Arguably one of the most popular questions in dog training is, “When should I begin training my puppy?” The simple answer is NOW. That doesn’t mean that you necessarily need to do formal obedience sessions, but it does mean begin teaching them the proper way to act and what is expected.
If your puppy is doing something, you need to ask yourself, “Do I want him doing this when he is 5 years old and 80 lbs?” I would venture to say that the reason why a lot of owners give up their dogs to shelters is because they never had forethought that the way their puppy was acting now, is the way they would want them to act as an adult.
It’s cute and fun if your puppy mouths your hand, but people hate it, and some find it scary when their adult dog does it to them. Your family and guests love to encourage your puppy to jump on them when they come over to visit, but they find it rude and annoying when he does it three years from now at 60 lbs. Some think it is ok to have their puppy on their bed or couch, but a lot of people complain that their adult German Shepherd growls at them when a guest tries to push them off the furniture.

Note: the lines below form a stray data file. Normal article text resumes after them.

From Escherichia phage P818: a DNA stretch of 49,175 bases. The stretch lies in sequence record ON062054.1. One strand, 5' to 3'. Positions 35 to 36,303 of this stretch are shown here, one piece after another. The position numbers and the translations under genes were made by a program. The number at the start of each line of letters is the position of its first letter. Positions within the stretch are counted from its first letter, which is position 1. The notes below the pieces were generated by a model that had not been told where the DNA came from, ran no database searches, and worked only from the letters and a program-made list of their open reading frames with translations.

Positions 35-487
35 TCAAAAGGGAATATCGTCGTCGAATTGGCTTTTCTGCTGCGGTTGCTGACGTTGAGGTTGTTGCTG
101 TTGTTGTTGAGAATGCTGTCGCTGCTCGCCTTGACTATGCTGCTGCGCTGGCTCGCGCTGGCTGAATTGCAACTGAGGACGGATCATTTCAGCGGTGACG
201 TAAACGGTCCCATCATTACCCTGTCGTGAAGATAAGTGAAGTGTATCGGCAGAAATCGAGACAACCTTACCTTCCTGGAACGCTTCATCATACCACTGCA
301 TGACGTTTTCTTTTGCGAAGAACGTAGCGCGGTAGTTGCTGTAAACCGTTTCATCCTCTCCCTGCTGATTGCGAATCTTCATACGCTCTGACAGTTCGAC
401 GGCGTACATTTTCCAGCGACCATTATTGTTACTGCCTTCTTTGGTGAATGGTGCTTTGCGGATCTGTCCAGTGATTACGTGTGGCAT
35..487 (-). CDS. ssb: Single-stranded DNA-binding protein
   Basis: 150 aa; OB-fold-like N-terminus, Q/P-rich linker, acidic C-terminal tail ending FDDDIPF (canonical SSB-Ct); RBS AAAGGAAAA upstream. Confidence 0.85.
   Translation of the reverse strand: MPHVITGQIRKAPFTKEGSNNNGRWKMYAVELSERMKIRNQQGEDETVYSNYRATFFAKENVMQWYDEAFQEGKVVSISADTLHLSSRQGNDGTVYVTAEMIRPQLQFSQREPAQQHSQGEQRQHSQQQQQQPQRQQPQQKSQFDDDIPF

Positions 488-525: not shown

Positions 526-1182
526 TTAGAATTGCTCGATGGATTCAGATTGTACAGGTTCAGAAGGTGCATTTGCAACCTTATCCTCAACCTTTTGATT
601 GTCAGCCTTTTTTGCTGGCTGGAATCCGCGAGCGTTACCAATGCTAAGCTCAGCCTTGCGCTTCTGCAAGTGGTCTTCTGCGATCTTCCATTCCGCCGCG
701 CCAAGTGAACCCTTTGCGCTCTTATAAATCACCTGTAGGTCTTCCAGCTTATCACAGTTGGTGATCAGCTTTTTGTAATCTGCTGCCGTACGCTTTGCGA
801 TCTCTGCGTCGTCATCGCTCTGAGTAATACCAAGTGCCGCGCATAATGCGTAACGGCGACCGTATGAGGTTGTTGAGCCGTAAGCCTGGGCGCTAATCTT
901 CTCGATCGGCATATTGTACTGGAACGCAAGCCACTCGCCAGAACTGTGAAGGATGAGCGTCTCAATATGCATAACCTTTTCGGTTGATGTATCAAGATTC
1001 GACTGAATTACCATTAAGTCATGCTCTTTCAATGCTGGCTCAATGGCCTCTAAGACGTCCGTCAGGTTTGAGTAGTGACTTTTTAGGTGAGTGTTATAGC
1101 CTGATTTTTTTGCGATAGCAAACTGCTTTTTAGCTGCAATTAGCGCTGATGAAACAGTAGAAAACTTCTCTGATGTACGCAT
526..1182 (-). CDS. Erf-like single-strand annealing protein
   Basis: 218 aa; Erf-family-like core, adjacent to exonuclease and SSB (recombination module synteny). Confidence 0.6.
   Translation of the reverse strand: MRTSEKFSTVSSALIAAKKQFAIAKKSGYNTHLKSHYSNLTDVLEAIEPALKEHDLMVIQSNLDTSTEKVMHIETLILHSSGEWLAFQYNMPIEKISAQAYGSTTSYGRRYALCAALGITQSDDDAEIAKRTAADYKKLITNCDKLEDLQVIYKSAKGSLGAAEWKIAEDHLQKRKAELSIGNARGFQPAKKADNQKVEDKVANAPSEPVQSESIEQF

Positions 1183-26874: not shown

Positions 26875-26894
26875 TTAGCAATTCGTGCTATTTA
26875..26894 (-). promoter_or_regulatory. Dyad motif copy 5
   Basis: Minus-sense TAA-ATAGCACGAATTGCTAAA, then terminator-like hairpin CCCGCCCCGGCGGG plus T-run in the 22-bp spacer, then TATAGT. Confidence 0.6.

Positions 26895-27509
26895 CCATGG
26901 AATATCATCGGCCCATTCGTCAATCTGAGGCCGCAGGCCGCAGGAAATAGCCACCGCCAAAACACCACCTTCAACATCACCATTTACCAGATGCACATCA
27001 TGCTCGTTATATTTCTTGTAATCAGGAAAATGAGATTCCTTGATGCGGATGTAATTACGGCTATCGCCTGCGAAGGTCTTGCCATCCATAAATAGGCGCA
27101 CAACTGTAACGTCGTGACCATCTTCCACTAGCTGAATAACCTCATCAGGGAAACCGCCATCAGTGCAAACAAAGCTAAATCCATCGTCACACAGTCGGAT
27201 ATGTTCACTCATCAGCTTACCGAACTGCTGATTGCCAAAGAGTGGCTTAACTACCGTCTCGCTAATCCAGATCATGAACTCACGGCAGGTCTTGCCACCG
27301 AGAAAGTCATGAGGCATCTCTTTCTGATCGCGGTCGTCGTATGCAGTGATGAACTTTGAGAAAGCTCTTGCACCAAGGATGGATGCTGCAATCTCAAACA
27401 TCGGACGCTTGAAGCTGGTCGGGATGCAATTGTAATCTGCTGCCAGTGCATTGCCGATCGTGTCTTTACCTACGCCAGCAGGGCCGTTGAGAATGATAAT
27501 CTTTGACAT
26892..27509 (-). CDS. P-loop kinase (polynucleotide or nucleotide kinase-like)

When raising a puppy, it is important to make sure that you are not encouraging/reinforcing a behavior that you would not want them to display as adults. The dog will not, and cannot, decipher that it was ok as a puppy to do, but not as an adult. It is unfair to expect them to do that. You as the responsible owner and guardian must think critically for him.
If you’re reading this, and you have the adult dog who is displaying undesirable behaviors that he learned as a puppy, don’t feel like your circumstance is hopeless, improvements can certainly be made. We just need to address them now, instead of letting them become more ingrained. See my article entitled: Your Present Circumstances...
To all you puppy owners out there, please take advantage of these formative years with your puppy. They are great learning and training times. The old saying, “An ounce of prevention is worth a pound of cure” is very true. Quite honestly, an ounce of prevention with a puppy, just might be the cure that keeps an adult dog out of the pound. Let’s set our dogs up for success from a puppy, so we can “Change the World” for dogs.